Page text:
Now in Legal Rebels:
Posted Feb 23, 2012 02:58 pm CST
Updated: A federal judge in San Francisco has ruled the Defense of Marriage Act violates the equal protection rights of a California lawyer.
U.S. District Judge Jeffrey White ruled on behalf of Karen Golinski, a staff lawyer for the 9th U.S. Circuit Court of Appeals based in San Francisco, report the New York Times, the Associated Press and SCOTUSblog. Golinski’s wife, Amy Cunninghis, is seeking federal health insurance. The couple was married when gay marriage was legal in California.
Section 3 of DOMA bars the federal government from granting benefits to same-sex couples. White’s ruling (PDF) is the second by a federal judge since the Obama administration changed its stance and announced it will no longer defend the law, according to SCOTUSblog.
White evaluated DOMA using a heightened standard of scrutiny, but said the law would have been unconstitutional as applied to Golinski even under rational basis review, SCOTUSblog says. He cited several reasons for the higher level of scrutiny. Among them: Gays and lesbians have faced a history of discrimination, and sexual orientation appears to be an “immutable characteristic” or at least “highly resistant to change.”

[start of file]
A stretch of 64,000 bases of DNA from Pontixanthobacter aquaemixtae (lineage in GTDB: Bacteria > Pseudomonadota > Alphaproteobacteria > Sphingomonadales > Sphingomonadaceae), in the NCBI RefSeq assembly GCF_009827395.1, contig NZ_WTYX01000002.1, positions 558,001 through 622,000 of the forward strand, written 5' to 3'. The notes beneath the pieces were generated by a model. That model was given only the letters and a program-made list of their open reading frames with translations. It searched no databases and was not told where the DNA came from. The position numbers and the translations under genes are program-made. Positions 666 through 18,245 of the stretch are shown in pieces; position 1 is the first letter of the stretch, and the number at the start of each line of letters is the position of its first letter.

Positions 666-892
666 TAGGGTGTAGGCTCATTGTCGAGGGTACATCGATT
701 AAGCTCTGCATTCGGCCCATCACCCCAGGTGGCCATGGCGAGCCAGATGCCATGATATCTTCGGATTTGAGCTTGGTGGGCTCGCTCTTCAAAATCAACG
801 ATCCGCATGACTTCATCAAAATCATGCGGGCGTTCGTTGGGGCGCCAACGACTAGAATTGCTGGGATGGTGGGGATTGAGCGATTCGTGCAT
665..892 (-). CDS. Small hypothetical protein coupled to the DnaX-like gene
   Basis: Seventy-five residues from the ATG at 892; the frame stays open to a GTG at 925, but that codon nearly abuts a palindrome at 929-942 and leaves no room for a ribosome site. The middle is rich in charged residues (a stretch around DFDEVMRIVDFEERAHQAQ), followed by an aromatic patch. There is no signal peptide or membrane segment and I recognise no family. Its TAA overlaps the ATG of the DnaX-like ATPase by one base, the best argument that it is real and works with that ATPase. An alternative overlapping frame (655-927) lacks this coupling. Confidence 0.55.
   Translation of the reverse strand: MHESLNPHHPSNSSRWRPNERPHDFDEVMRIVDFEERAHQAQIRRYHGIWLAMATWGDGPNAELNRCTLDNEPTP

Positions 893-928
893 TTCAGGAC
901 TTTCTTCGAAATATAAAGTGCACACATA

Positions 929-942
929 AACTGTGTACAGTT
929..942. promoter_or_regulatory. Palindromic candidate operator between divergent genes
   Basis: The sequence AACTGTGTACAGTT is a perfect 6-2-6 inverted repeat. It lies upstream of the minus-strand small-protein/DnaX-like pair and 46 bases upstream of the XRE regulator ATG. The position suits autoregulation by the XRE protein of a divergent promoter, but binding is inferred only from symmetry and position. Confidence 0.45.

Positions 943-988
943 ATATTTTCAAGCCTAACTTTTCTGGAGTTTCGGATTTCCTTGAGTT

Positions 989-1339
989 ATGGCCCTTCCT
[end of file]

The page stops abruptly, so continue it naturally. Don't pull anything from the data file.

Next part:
Prior DOMA coverage:
ABAJournal.com: “Two Federal Lawyers Win Benefits for Same-Sex Spouses in 9th Circuit Orders”
ABAJournal.com: “9th Cir. Lawyer Sues Obama Admin Over Withheld Benefits for Same-Sex Spouse”
ABAJournal.com: “King & Spalding Drops DOMA Defense; Clement Resigns in Protest, Takes Matter to Bancroft”
ABAJournal.com: “Obama Concludes Federal Law Banning Recognition of Same-Sex Marriage Is Unconstitutional”
ABAJournal.com: “ABA Supports Legislation Authorizing US Recognition of State-Sanctioned Same-Sex Marriages”
ABAJournal.com: “Citing 10th Amendment, Federal Judge Strikes US Defense of Marriage Act”
ABAJournal.com: “Bankruptcy Court Says Same-Sex Married Couple Can File Jointly Despite DOMA Prohibition”
Updated at 9:10 a.m. to add prior coverage. Updated on Feb. 24 to reflect SCOTUSblog correction indicating the ruling is the second by a federal judge since the Obama administration changed its stance